Leo Goodstadt, the head of the Central Policy Unit before the handover, has talked about the colonial administration facing the 'constant menace that Hong Kong would become ungovernable' in the final period of its rule due to its weakened authority.
Clearly, during the last leg of its term, the former administration of Donald Tsang Yam-kuen faced a similar situation, for similar reasons. And new Chief Executive Leung Chun-ying has seen his government restructuring proposal undermined in the Legislative Council and has come under attack over his illegal structures. Fifteen years after the establishment of the special administrative region, the signs are ominous.
If Hong Kong were an independent republic like Singapore, the idea that it may be ungovernable could well become a self-fulfilling prophecy. But as part of China, there is no chance of it happening; the central government will see to that. This is exactly why our pro-democracy dissidents are so frustrated; there seems no way to subvert the system.
So instead, they try to sabotage and weaken the SAR establishment, waiting for the day when China has so much internal strife that the dangers of a break-up mean it could do little to stop possible sedition in Hong Kong. That is why the democrats have turned their attention to Beijing and have been staging protests at the central government's liaison office in Hong Kong. Some people have for years been propagating the notion that China will break up, especially after June 4, 1989. Yet they have been disappointed many times. Still, they believe China's collapse may be imminent, especially given the pressure of America's grand re-entry into Asia.
In this context, it is easy to understand why the enactment of national security legislation under Article 23 of the Basic Law is a touchy subject for them. Without such legal restraints, our dissidents have been enjoying a free-for-all since the handover. They are adamant Leung should not even think about this legislation during his term, before universal suffrage elections for the chief executive in 2017. With a chief executive weakened through constant attacks, and the central government demonised, there is, they believe, a chance to peacefully subvert the system through popular election.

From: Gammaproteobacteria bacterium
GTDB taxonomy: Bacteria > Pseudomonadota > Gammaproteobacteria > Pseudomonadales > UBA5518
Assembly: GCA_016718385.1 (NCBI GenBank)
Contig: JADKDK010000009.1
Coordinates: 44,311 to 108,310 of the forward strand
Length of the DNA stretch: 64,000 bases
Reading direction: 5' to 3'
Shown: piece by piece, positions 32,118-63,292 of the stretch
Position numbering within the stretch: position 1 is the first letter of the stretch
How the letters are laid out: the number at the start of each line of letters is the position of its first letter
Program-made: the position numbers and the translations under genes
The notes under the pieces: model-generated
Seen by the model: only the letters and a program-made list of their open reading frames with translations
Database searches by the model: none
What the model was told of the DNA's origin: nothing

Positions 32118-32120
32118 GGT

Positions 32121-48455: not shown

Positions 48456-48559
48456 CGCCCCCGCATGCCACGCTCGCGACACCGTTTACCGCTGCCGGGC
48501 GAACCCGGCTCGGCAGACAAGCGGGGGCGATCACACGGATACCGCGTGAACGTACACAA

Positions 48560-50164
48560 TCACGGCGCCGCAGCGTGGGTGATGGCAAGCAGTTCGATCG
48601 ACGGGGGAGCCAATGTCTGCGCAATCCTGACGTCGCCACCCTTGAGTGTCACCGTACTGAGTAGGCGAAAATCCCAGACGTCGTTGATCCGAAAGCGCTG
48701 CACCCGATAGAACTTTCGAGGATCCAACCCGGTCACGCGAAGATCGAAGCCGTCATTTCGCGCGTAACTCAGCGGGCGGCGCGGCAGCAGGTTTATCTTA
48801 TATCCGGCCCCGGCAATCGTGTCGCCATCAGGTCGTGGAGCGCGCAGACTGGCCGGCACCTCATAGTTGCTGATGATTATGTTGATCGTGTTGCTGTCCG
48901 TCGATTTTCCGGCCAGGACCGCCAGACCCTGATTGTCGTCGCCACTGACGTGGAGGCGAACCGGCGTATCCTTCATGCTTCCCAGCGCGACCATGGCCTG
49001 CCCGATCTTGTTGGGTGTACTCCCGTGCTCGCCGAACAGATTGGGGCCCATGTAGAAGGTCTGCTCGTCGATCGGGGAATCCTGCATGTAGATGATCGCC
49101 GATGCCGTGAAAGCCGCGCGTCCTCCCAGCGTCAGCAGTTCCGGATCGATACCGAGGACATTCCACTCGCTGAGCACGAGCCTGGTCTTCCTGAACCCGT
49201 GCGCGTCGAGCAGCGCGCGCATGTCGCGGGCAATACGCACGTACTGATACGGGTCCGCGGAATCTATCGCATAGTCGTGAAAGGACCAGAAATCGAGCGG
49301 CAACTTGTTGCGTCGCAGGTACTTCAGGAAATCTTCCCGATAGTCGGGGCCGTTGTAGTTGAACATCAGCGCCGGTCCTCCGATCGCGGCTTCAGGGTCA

The catch is the entry requirement for chief executive candidates in the 2017 election - which is ultimately in Beijing's hands. But the dissidents feel that, if conditions are right and enough people in the street demand a low entry barrier, the central government may not wish to risk more social upheaval by vetoing popular demand.
This, they believe, would leave the door open for a democrat to take up the post of chief executive. And then, who knows? Even the full autonomy dissidents have long dreamed about could be possible.
With the scenario laid out, it is easy to predict what will happen in the next five years: the pan-democracy camp will continue its effort to weaken the government and demonise Beijing. Violent clashes with police may well ensue. The local and international media will stand firmly on the side of the protesters, and the popularity of the Leung administration will spiral downwards. The mood in Hong Kong clearly will not be conducive to introducing national security legislation, and our constitutional duty to enact it will have to be put on hold again.
If pressure can be maintained for two years, that takes us to 2015 - election year for the district councils, with the Legco election to follow in 2016. At such a time, no officials will dare utter the phrase 'Article 23'. The stage will be set.
It is truly a plan worthy of the noted theoretician of non-violent action, Gene Sharp.
Lau Nai-keung is a member of the Basic Law Committee of the NPC Standing Committee, and also a member of the Commission on Strategic DevelopmentTopics: Politics Hong Kong Politics of Hong Kong Chief Executives of Hong Kong Hong Kong Basic Law of Hong Kong